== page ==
Sunday, December 02, 2018

The Horn Section Salutes: KEN BERRY (1933-2018)


Oh, Captain!  My Captain!  Yesterday brought the very sad news that Ken Berry, our beloved Captain Wilton Parmenter, has passed away at age 85.

Mr. Berry was one of the biggest stars on television from the mid-1960's to the early 1970's, with the misfortune of having two hits cancelled despite high ratings within four years.  MAYBERRY R.F.D. is often cited as the most egregious example of CBS' 1971 "rural purge", as the show wrapped up its third season in 15th place in the Nielsens and got a pink slip anyway.  


Berry did an admirable job in the most difficult of situations, essentially replacing Andy Griffith on THE ANDY GRIFFITH SHOW.  TV history tells us that such continuations are virtually impossible to pull off: AfterMASH and SANFORD ARMS are among the many failures, and even ARCHIE BUNKER'S PLACE never cracked the top ten despite having the parent show's lead.  MAYBERRY R.F.D. ranked 4th in each of its first two seasons, a ranking that actually bettered half of the seasons from Griffith's run.

From HOLLYWOOD PALACE, November 27, 1965:



Of course, Ken Berry is loved by all of us here at The Horn Section for his brilliant performance as Captain Parmenter on F TROOP, and MAYBERRY's demise had to feel like deja vu all over again, as F TROOP was ABC's second highest rated sitcom behind BEWITCHED in each of its two seasons but was ended anyway.  Not by ABC, but by Warner Brothers!  In five seasons from 1965 to 1971, Ken Berry's series never averaged below a 31 share--but he received two cancellations anyway.  Tough crowd.


The network and studio executives, that is.  Certainly not the public.  Ken Berry landed his own variety show shortly afterward, and the 1972 KEN BERRY 'WOW' SHOW featured future stars Steve Martin, Cheryl Ladd and Teri Garr.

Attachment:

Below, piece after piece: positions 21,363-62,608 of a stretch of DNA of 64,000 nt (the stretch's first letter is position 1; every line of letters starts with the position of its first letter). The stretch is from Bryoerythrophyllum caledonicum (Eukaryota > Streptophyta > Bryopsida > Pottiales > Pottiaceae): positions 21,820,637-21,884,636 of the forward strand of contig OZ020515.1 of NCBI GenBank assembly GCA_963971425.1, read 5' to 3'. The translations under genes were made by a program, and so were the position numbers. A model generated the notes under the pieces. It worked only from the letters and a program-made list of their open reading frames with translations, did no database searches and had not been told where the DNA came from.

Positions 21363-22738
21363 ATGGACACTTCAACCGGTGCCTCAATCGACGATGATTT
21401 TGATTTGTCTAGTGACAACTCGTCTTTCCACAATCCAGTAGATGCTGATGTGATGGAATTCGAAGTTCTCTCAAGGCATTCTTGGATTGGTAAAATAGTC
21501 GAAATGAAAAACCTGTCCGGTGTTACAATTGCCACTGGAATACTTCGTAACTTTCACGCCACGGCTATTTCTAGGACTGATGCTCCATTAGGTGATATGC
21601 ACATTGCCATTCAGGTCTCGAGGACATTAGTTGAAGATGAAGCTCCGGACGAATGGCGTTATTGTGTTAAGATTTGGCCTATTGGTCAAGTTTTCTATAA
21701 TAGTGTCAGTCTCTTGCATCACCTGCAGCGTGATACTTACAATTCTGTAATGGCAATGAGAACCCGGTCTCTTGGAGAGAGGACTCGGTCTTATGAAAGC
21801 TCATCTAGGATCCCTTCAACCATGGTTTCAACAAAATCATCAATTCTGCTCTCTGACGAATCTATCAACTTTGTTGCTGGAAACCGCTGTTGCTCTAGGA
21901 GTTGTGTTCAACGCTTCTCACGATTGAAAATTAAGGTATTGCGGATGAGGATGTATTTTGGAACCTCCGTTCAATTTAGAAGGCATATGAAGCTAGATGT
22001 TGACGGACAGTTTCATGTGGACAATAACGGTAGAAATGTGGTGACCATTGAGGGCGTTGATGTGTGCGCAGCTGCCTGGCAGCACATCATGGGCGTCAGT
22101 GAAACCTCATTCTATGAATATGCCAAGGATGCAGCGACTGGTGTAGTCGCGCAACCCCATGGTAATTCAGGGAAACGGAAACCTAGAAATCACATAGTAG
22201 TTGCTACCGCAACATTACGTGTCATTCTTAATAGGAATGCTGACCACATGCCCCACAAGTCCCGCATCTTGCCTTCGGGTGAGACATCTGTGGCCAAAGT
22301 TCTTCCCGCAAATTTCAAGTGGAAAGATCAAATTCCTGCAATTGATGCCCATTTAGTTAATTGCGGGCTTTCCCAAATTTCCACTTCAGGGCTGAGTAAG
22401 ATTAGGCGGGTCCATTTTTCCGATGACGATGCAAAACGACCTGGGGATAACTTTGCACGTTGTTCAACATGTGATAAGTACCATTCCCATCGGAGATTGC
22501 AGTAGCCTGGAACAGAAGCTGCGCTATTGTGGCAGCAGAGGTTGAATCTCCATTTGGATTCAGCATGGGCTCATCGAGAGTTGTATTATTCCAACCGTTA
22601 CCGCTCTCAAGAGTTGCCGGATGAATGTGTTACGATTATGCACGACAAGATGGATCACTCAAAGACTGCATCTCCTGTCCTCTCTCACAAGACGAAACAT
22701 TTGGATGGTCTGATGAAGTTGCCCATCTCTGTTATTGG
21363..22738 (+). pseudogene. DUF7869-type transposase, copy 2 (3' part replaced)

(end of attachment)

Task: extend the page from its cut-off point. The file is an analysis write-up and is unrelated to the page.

Along with leads in the Disney features HERBIE RIDES AGAIN and THE CAT FROM OUTER SPACE, Berry was also memorably pitching Kinney shoes throughout the 1970's and early 1980's, before settling in for another long run on MAMA'S FAMILY.


But it is F TROOP that best demonstrates Ken Berry's versatility.   Berry dances in The Ballot of Corporal Agarn and Only One Russian Is Coming! Only One Russian Is Coming!, among others.  Other episodes to best remember our Captain by on this sad, sad day:

Old Ironpants: This first season entry isn't officially a dual role, but it might as well be.  Parmenter goes off for two weeks' training with General George Custer (wishing him good luck on his new assignment at Little Big Horn) and takes to the course all too well.

Captain Parmenter, One Man Army:  With O'Rourke, Agarn and the rest of the troop illegally re-enlisted, Parmenter finds himself alone at the Fort on the eve of an attack by the Shugs.


Wilton the Kid: Ken Berry gets his turn at a dual role in earnest, as Captain Parmenter and the bank robbing Kid Vicious.

Bye, Bye, Balloon: Watch the ballet-like almost pratfall that opens this memorable color episode, and how well Berry works with guest star Harvey Korman in the saber duel.  No segment better displays Berry's gift for physical comedy IMO.

Really, though, just about any of the 65 episodes will feature some first class comedy from Ken Berry and his castmates.  His passing leaves Larry Storch and my fellow Texan James Hampton as the only surviving regulars.  Berry's ex-wife Jackie Joseph is also still with us: she guest starred in Our Hero, What's His Name?


Rest in peace, Captain.  More of Ken Berry's interview at Emmy TV Legends follows.  The entire interview can be found here.


3 comments:

hobbyfan said...

I only just found out about Ken Berry myself, Hal, and I've an obit of my own at the Land of Whatever. I knew my mind didn't betray me when I remembered the Kinney Shoes ads.

Logan Sette said...

So sad to hear this news. Always a fan of Ken Berry ever since F-Troop and liked him on Carol Burnett and Mayberry RFD. I always think of him as Captain Parmenter which I have in my DVD series collection.

Mike Doran said...

I've heard it said of some performers that they were "... too talented to be stars …"
That's Ken Berry.
He spent his whole career helping everybody around him raise their own game, making the whole show better in the process.
Soon we'll be reading tributes from his friends and fellow performers, saluting the man they all loved to work with.
We just never seem to know, do we … until the very end?